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Lysophosphatidic acid plasma concentrations in healthy subjects: circadian rhythm and associations with demographic, anthropometric and biochemical parameters.

Lysophosphatidic acid plasma concentrations in healthy subjects: circadian rhythm and associations with demographic, anthropometric and biochemical parameters.
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Michalczyk A, Budkowska M, Dołęgowska B, Chlubek D, Safranow K,


Michalczyk A, Budkowska M, Dołęgowska B, Chlubek D, Safranow K, (click to view)

Michalczyk A, Budkowska M, Dołęgowska B, Chlubek D, Safranow K,

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Lipids in health and disease 2017 07 2116(1) 140 doi 10.1186/s12944-017-0536-0
Abstract
BACKGROUND
Lysophosphatidic acid (LPA) is a bioactive lipid with a wide biological activity. Previous studies have shown its potential usefulness as a diagnostic marker for ovarian cancer. The aim of the study was to investigate which factors may influence plasma LPA concentrations in healthy subjects and to propose reference values.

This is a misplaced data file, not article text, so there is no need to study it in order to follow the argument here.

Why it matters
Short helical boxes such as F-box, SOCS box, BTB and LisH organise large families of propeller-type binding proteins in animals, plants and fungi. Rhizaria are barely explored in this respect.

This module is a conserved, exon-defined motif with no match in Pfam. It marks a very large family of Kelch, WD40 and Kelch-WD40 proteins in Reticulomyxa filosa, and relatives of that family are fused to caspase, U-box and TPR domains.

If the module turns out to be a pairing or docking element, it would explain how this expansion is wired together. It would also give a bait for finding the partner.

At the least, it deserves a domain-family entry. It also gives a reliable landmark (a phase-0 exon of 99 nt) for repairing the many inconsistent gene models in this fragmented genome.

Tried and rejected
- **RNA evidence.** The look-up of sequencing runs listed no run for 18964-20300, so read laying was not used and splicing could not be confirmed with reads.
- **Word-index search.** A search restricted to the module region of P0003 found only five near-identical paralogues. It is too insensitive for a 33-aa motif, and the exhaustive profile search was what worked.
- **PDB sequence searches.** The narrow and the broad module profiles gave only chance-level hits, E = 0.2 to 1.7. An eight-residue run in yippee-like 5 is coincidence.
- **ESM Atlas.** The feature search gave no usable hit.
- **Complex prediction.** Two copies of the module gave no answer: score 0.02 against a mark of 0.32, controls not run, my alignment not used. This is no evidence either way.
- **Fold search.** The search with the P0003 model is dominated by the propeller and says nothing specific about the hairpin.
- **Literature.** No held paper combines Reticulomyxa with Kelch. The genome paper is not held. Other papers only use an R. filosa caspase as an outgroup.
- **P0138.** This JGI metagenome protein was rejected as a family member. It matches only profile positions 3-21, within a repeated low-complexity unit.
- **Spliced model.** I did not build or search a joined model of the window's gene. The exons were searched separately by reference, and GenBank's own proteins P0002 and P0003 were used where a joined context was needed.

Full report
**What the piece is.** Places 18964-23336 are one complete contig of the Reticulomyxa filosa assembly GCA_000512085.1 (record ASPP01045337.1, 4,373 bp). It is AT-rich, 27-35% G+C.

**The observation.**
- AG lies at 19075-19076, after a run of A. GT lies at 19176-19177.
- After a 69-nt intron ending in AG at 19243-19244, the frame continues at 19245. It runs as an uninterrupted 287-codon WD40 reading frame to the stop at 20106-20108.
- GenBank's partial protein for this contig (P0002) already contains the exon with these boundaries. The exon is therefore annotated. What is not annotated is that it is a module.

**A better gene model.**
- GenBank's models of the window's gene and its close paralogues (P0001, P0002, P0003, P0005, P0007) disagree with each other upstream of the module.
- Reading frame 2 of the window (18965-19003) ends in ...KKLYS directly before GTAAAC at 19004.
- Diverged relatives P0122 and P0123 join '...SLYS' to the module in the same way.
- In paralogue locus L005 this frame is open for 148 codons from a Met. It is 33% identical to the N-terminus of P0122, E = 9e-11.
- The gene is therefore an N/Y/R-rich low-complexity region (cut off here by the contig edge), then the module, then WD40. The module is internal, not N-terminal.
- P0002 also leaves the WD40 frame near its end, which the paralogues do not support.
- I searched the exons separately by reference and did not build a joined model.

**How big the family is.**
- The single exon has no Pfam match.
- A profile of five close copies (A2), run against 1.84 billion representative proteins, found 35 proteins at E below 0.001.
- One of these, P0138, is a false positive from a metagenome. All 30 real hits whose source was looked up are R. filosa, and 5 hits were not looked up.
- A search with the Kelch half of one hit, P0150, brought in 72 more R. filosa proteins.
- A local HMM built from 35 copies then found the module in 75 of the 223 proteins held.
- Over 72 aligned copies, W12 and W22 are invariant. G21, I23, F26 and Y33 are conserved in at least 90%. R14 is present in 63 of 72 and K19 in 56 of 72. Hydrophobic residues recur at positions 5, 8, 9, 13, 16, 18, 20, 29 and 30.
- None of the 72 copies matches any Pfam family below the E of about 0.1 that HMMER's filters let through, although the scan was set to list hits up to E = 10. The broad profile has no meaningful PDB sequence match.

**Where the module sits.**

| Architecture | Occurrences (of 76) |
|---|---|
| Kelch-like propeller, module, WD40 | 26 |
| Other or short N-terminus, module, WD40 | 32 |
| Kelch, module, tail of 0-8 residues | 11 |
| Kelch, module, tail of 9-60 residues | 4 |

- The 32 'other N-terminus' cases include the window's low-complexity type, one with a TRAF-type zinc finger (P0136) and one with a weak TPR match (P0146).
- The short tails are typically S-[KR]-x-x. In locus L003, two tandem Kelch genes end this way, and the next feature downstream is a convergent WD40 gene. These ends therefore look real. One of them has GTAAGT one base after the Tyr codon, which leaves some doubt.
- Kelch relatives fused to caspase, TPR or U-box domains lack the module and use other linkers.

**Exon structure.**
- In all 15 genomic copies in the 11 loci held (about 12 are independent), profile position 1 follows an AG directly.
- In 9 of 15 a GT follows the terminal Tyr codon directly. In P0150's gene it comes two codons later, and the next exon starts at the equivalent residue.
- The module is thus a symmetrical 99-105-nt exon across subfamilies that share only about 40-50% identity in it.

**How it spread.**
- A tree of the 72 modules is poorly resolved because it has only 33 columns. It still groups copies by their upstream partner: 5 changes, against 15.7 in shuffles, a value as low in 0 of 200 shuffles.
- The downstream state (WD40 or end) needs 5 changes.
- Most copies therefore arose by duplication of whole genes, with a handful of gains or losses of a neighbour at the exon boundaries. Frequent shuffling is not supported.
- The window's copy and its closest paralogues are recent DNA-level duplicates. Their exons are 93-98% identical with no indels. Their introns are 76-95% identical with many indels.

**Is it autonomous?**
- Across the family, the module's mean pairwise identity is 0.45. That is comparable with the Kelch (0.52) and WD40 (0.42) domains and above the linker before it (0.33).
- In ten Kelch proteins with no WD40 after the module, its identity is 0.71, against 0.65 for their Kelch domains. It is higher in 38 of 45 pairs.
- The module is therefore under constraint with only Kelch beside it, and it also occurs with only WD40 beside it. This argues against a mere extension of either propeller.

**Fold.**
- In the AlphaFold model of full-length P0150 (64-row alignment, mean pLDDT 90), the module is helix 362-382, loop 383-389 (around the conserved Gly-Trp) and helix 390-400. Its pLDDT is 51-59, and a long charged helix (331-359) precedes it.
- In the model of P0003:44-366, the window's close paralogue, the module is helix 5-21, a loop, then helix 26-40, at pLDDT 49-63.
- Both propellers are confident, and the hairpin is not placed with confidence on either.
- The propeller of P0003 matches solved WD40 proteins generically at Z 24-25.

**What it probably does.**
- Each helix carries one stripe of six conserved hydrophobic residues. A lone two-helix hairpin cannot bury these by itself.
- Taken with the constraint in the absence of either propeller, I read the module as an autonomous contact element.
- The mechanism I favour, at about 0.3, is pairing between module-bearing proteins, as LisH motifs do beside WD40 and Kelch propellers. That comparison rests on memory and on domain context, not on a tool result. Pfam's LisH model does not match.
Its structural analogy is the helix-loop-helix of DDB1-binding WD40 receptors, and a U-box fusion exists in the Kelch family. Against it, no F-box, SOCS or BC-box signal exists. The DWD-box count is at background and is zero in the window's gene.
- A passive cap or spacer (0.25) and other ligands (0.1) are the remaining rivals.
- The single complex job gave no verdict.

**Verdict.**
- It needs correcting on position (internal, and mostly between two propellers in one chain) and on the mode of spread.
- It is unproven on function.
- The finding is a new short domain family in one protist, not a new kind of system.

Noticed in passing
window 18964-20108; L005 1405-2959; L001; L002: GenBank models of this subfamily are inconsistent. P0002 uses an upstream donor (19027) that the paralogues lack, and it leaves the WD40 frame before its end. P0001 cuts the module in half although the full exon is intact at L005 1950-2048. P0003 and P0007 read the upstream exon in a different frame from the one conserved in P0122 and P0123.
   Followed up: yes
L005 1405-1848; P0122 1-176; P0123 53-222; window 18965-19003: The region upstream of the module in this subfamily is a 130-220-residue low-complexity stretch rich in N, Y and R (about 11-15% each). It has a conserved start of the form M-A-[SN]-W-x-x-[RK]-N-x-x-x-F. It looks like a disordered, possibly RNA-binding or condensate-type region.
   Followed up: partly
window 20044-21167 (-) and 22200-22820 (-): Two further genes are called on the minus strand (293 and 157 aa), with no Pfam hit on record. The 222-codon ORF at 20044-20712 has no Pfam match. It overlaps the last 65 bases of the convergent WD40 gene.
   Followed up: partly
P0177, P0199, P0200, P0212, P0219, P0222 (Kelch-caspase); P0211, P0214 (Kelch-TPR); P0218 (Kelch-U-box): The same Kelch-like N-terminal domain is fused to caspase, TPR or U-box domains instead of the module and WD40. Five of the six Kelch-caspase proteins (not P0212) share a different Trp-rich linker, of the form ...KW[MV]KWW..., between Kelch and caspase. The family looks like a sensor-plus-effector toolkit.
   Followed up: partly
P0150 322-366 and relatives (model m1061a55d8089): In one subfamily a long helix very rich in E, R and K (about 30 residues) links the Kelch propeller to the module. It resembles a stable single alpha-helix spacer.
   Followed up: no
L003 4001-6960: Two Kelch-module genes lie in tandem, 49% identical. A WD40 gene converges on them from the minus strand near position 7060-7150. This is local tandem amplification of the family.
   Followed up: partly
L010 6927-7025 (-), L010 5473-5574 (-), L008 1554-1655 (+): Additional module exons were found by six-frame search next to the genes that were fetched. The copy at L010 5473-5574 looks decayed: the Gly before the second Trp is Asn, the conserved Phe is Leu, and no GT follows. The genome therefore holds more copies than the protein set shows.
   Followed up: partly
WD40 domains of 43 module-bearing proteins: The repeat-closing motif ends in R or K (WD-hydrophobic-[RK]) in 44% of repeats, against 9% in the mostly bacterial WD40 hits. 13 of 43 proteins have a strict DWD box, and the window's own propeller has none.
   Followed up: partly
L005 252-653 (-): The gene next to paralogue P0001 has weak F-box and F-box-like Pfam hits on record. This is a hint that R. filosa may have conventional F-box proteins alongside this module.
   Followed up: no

METHODS
The study group consisted of 100 healthy subjects. From all of them the blood samples were taken at 7 a.m. (fasting state). From 40 volunteers additional blood samples were taken at 2 p.m., at 8 p.m. and at 2 a.m. next morning. Concentrations of LPA were measured in plasma samples using enzyme-linked immunosorbent assay.

RESULTS
Analysis of samples from 100 healthy volunteers showed significant influence of sex and age on plasma LPA. The reference range for the plasma LPA concentration corrected for age and sex, determined at 2.5-97.5 percentile interval is 0.14-1.64 μM. LPA correlates positively with BMI, serum total cholesterol, triacylglycerols, uric acid and negatively with estimated glomerular filtration rate and serum albumin. Concentration of LPA at 2 a.m. was lower than at 2 p.m. There were not any significant differences between plasma LPA at 7 a.m. and any other time of the day.

CONCLUSIONS
Plasma LPA is associated with demographic, anthropometric and biochemical parameters. It seems that LPA concentrations have no specific circadian rhythm and the time of donation and fasting state have marginal effect on plasma LPA. These findings may be helpful in future incorporation of LPA as a diagnostic marker.

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